Like many things these days, it started on Facebook. St. Charles County mom Jenna West read an online story about a Pennsylvania cafeteria worker who quit her job after she was required to take a hot lunch away from a student who had fallen behind on payment.
“It struck a chord with me,” said West. “It broke my heart.”
West reached for her phone to call her son’s elementary school, Harvest Ridge Elementary. School counselor Greg Vest took the call.
“It affected her in such a way that she wanted to know ‘Is this happening at my kid’s school?’ and ‘What can I do about it?’” said Vest.
The explanation West received caused her to take action.
“Our school’s policy is that if a kid is negative $15 dollars in their account, they will start to get a SunButter sandwich, which is a fake peanut butter sandwich,” said West. “Why should they have to do the walk of shame? Why should they have to walk around with SumButter sandwich when everyone else is getting pizzas and hamburgers?”
West wants every child to have a hot school lunch, so she went back to Facebook where friends and strangers agreed and offered to donate.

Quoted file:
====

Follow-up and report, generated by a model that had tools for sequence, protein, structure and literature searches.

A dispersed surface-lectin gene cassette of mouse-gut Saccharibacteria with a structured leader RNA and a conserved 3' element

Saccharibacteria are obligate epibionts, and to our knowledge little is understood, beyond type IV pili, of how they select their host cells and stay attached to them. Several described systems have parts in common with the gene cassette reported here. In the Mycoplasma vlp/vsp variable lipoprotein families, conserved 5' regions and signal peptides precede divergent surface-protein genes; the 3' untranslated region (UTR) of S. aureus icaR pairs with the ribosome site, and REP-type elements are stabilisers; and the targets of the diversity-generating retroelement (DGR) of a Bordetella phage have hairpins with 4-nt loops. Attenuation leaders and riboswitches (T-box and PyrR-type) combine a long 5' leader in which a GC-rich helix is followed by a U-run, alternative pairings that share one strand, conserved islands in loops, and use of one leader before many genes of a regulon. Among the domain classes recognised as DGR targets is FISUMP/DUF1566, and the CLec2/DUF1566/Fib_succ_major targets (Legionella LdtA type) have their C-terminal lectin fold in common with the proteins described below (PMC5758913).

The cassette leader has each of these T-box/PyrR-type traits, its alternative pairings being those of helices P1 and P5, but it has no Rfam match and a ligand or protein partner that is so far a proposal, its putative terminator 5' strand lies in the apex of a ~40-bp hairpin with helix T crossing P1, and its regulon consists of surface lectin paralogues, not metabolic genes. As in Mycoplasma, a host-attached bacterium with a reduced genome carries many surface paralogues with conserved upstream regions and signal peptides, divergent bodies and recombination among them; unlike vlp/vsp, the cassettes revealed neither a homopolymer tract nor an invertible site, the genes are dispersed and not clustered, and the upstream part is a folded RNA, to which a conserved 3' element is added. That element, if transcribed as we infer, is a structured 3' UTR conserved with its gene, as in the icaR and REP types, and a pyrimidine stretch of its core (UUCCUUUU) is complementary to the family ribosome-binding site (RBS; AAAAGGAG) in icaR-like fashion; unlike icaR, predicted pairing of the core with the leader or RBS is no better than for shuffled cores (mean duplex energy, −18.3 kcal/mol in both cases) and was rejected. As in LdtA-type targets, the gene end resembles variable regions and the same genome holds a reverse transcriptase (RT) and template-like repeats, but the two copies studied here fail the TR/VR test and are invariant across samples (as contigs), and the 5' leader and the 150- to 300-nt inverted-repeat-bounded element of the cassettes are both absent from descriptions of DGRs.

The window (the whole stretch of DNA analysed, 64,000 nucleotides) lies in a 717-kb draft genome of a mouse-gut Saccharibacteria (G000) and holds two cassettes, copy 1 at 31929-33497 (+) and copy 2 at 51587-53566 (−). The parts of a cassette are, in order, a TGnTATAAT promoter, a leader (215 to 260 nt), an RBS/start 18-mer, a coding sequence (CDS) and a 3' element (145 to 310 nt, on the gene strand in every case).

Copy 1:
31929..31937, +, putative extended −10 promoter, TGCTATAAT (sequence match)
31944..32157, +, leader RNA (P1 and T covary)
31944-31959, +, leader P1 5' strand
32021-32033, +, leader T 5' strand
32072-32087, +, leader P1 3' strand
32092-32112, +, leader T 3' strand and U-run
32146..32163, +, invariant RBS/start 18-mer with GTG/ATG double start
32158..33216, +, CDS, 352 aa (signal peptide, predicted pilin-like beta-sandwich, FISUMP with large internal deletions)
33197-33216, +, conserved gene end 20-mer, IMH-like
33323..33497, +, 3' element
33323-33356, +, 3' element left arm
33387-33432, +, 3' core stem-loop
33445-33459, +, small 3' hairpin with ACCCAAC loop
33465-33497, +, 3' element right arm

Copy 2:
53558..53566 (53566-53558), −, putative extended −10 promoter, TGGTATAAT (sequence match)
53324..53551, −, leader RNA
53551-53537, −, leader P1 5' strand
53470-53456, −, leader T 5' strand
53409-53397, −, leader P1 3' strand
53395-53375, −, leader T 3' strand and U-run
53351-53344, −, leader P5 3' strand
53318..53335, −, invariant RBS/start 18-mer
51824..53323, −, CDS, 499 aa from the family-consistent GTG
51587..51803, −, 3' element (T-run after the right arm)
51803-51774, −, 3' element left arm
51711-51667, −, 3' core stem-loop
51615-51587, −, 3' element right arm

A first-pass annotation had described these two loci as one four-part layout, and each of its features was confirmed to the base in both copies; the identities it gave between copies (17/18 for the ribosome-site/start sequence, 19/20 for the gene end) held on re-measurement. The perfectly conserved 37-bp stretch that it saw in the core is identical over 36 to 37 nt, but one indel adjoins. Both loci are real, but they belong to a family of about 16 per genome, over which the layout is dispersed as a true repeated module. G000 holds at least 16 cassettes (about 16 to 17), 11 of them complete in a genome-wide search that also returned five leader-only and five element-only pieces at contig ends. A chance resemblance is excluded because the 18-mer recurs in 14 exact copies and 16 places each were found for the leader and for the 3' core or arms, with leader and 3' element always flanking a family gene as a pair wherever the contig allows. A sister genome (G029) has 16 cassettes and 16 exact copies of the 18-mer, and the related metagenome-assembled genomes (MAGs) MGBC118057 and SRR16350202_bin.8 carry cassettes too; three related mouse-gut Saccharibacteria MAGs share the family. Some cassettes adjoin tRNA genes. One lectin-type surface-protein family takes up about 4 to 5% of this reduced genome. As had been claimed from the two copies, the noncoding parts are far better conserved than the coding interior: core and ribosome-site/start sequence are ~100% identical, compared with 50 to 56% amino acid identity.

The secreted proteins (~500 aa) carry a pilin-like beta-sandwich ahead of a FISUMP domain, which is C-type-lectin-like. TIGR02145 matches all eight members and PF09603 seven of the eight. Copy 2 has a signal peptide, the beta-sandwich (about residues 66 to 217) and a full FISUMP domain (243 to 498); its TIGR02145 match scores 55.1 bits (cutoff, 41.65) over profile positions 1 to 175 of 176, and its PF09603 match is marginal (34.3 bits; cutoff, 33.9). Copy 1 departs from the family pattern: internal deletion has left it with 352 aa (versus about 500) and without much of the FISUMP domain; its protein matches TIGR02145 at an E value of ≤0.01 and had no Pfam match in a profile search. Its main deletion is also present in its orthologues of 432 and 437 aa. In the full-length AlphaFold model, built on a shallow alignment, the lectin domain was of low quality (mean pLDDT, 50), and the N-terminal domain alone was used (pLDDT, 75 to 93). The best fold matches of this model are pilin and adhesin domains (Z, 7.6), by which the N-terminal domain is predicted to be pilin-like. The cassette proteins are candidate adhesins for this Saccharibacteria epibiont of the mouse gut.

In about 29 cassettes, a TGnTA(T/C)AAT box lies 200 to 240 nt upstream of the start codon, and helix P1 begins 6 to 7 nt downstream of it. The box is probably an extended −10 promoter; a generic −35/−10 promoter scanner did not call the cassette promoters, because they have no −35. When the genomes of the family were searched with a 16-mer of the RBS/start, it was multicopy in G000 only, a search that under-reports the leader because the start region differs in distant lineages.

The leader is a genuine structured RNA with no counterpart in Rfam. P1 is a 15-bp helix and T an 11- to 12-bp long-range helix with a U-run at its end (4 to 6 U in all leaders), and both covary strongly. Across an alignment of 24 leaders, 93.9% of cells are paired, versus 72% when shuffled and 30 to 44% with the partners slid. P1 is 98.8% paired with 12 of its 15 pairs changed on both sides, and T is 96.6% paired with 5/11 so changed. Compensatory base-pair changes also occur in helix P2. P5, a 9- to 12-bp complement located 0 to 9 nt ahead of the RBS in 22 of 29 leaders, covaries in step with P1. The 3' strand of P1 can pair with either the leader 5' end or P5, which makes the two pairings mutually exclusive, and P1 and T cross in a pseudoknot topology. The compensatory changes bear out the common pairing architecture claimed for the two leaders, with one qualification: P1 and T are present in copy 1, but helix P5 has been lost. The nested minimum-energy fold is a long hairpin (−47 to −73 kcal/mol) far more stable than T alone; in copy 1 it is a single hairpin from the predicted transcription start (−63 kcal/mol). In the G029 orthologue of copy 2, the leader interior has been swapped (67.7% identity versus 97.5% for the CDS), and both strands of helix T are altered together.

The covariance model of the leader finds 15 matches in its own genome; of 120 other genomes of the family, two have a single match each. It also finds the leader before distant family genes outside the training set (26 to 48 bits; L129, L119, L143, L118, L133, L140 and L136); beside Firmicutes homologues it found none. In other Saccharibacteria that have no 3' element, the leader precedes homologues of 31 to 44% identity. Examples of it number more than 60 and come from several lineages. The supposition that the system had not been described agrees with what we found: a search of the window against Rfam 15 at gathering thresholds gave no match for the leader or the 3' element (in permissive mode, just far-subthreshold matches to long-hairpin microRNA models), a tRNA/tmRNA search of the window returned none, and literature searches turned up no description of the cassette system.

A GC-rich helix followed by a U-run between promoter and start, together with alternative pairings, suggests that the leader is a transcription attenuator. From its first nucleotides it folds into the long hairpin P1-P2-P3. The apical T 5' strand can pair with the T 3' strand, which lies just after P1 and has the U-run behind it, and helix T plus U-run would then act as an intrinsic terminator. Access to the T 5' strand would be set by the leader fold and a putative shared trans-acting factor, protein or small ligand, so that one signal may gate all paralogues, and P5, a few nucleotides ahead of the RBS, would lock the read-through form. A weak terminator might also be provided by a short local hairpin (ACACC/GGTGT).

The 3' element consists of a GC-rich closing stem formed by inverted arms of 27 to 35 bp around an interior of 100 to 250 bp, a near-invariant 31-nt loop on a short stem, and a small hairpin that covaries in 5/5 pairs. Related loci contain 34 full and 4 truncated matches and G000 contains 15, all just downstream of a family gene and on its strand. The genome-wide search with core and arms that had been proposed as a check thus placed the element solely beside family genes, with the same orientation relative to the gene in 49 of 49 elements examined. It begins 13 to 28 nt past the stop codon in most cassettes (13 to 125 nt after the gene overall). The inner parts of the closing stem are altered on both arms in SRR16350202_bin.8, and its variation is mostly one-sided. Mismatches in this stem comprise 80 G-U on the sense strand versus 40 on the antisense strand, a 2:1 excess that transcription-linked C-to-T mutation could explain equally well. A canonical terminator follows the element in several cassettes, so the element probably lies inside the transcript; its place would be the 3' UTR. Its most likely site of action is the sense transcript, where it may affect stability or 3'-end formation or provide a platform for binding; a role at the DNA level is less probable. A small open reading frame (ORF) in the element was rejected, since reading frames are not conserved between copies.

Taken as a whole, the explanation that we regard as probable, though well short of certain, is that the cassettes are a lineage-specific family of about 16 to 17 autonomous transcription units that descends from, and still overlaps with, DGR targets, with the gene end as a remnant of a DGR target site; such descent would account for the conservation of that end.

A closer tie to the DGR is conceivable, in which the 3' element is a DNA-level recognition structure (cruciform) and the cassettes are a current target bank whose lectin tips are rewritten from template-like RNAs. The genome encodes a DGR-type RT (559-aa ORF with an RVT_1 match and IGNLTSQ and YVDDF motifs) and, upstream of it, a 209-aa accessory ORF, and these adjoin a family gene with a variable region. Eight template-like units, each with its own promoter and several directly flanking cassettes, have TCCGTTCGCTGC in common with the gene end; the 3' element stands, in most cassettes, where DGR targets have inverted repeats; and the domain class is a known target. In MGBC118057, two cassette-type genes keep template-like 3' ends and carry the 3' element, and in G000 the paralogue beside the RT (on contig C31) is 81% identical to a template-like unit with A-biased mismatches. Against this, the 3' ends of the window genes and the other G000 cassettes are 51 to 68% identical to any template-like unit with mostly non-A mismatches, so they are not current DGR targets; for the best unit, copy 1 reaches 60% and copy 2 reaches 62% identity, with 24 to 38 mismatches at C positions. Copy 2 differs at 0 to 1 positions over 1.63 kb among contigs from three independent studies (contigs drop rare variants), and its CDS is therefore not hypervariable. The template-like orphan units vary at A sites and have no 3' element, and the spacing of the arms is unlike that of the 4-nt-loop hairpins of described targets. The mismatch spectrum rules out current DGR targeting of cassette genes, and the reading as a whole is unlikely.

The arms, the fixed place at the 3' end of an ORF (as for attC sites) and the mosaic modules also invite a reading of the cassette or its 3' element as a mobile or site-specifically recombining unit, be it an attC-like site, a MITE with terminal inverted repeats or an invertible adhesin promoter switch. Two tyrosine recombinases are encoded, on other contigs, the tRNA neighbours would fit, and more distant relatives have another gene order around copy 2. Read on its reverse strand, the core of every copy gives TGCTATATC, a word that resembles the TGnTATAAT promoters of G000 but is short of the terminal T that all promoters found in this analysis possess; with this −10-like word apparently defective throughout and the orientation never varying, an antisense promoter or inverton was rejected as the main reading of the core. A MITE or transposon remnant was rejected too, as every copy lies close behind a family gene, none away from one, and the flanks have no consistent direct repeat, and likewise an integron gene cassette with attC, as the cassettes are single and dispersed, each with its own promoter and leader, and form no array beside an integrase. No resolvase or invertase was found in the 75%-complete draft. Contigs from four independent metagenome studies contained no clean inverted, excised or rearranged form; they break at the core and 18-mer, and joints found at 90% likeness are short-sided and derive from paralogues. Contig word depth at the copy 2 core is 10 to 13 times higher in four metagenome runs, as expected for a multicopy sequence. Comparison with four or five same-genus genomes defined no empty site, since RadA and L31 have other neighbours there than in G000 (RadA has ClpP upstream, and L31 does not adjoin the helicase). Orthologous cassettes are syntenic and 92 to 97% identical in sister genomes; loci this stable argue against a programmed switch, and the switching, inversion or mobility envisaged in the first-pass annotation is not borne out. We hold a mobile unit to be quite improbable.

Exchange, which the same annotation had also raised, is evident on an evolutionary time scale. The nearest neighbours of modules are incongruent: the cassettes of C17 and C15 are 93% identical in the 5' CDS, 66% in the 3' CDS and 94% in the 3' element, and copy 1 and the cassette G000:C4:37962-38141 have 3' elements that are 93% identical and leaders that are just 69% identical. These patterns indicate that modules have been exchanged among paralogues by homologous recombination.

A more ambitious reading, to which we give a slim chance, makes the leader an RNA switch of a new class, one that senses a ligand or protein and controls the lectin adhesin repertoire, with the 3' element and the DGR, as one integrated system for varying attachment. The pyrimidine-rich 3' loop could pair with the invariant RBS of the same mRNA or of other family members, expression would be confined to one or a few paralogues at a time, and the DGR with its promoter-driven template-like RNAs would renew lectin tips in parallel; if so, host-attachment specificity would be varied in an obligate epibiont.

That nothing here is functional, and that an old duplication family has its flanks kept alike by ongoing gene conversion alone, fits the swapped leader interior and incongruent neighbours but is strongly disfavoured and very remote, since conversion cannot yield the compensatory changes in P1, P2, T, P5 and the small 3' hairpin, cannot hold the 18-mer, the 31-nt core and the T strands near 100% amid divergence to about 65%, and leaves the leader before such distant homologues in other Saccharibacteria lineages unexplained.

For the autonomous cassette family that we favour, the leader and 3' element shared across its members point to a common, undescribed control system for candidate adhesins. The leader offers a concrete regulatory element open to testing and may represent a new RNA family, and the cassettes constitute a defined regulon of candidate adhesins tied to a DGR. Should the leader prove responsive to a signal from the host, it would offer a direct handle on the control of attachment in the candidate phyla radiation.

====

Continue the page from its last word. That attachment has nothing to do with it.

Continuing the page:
“Everyone jumped at the chance to help,” said West. “I turned in $230 dollars on Monday to Mr. Vest. “
“In many cases, the policies that are in place for school districts or for specific buildings are not intended to create stigma. They’re not intended to harm,” said Vest. “It’s just that nobody ever thought before what the potential consequences might be.”
West said more donations are on the way, and the school’s principal praised West’s actions.
“It’s very much an example of how one person can make a difference, or how one person can see a need,” said Dr. Natalie DeWeese, who said more than 200 Harvest Ridge students receive free or reduced cost lunches.
“I want to raise awareness to this issue,” said West. “I think we need to do better as a community, we need to do better as a state, we need to do better as a nation.”
To contact Jenna West, email firstname.lastname@example.org